Home is the first game developed by indie developer Benjamin Rivers, and was originally released in 2012. It is a short horror title made with the premise of letting players choose their own interpretations of the game’s events. I am unsure how to feel about this approach to storytelling. On one hand, a good work of fiction should always involve some form of subtlety and allowing for multiple interpretations gives a work more versatility. On the other hand, actively trying to invoke “multiple interpretations” oftentimes comes across as if the writer wants to have an excuse to not finish writing the plot and addressing every plot point.

The game opens up with a message telling the player that they should play the game with all the lights out and with headphones on. While it is not uncommon for people to say that this is the definitive way that horror games should be played, I take issue with the game outright telling you. The reason for this is that a game should never have to be played “the right way” in order for it to be good. If a horror game is unable to scare me with the lights on, then it can’t be all that scary. That is not to say that one should not play horror games with the lights off, but it comes across as hypocritical for a game based around the player’s interpretation to be telling the player how they need to experience the game.

Sound up, Lights off, Fox only, Final Destination!

After you start the game, your main character wakes up in an unknown location missing his wallet and several of his other possessions. The game consists of you exploring an underground sewer, an abandoned office building, and an abandoned convenience store until you find your way back to your house where you discover the truth. Home is a game where a lot of the information to the plot comes from examining objects and listening to your main character’s inner monologues. However, it is possible to go through the game without picking up a lot of the items, nor do you need to explore every room.

Home is displayed as a 2D sidescroller where you simply use your arrow keys to move your MC left and right, but it also contains some elements of point and click adventure games where you pick up random objects that will be useful for something else. Unlike point and click games, however, the only real puzzles in Home consist of “find locked door, walk around until you find key, then return to door to unlock it.” There are also no enemies in this game that can kill you, or any traps; hell there is not even any jump scares (which could be either a good or bad thing), so Home is basically just a walking simulator.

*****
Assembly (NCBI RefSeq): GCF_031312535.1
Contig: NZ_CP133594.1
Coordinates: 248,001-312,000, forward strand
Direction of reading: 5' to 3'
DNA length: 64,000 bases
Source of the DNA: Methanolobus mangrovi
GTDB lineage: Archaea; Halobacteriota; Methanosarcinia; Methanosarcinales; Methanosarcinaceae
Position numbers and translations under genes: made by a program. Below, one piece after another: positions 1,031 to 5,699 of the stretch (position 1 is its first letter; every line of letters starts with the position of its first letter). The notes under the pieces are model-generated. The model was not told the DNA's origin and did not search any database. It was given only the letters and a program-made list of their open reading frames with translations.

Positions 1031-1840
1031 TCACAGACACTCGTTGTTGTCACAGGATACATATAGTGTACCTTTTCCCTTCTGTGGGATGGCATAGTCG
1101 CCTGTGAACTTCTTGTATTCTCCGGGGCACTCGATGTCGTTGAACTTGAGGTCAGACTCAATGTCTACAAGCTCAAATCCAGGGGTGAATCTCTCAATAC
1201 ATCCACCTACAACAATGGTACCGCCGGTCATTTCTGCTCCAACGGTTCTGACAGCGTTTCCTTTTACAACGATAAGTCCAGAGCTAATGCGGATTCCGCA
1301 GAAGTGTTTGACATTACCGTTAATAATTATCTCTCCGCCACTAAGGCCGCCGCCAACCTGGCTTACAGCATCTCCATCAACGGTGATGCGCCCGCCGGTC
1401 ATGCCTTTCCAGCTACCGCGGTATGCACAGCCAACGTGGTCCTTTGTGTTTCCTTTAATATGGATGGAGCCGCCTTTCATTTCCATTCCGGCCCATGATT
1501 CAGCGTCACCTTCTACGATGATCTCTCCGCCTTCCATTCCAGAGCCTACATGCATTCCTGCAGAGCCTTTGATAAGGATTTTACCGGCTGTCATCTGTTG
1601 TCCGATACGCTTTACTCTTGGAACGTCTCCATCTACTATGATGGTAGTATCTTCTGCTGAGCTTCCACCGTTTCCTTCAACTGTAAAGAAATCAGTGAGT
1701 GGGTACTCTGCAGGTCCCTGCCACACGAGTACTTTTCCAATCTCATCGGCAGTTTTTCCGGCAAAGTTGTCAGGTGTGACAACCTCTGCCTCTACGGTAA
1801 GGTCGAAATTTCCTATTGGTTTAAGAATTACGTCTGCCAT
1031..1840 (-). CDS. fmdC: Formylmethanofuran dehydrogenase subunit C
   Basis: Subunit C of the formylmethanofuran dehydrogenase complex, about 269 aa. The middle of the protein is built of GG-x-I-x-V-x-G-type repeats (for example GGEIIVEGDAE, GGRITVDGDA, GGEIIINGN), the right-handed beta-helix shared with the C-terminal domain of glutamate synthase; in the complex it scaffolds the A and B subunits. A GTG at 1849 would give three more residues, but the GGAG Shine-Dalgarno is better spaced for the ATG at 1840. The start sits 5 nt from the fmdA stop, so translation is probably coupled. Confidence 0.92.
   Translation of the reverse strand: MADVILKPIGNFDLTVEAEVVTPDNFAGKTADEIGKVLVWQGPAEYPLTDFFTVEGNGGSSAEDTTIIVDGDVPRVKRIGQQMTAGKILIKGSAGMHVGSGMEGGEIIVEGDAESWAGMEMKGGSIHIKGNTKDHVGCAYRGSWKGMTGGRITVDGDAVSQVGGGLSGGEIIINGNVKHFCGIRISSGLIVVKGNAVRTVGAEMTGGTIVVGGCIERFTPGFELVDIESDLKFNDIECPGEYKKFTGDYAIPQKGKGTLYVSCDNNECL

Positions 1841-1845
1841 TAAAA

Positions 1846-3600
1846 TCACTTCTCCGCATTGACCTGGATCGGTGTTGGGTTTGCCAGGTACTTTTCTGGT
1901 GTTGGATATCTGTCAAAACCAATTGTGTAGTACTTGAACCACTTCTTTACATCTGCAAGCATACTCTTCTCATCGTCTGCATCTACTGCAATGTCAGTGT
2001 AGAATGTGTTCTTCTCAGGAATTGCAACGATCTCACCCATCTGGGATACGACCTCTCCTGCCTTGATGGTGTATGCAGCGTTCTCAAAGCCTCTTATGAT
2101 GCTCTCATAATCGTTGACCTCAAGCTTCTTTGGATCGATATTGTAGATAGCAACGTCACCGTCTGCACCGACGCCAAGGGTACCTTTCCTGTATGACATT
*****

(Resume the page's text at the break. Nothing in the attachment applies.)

Home’s graphics also look like an early NES title, thus making Home another game that tries to hide behind a “retro aesthetic” to mask lazy character design. There is also no music in the game other than the title theme, which is just a twenty second loop. The sound effects were moderately effective in setting the mood though.

I have to specifically call out the first half of the game for being rather boring. While the game as a whole is rather uneventful seeing as how you are never in any real danger, you at least have the plot making some revelations in the second half, while the first half has pretty much nothing. What makes the second half more interesting is that you start getting hints at what actually happened to your MC and his friends.

What is also of note in regards to the game is that there are multiple endings to it. These events are implemented in a unique way in that, when asked if something happens, you can choose to say yes or no. If you say that it didn’t happen in this situation, you will see your character react differently. This does give the game a bit of replay value just to see how things can turn out differently. Unfortunately though, this game is rather light on content and can be finished in under an hour, so your playtime would still be relatively small.

I told you to wear the fucking face mask!!

Once I reached the end of Home, I had an idea of what happened in the game, but seeing as how Benjamin River’s purposefully left in a lot of loose ends and was rather vague, I ended up not getting as connected to the game as I could have been. The entire game built itself up to having a huge twist at the end, and while the twist actually was there for once, my reaction was more so “eh, that’s kind of interesting I guess” as opposed to being blown away.

Home did have a decent atmosphere to it, but there was never a point in the game where I actually felt scared. When you stack all of these flaws against Home, the game just starts to seem rather pointless. Even at the price of $3.00, I’d still be hesitant to recommend Home, and I would be quicker to recommend 2014’s Neverending Nightmares, a game that takes a similar approach in design, but does it infinitely better (although it is unfortunately much more expensive while not possessing much more content). Otherwise, it’s best that Home should just go home, and not come back until it has a complete storyline.

This review was originally posted to GameFAQs on October 6th of 2016, and has been re-edited with enhanced presentation.

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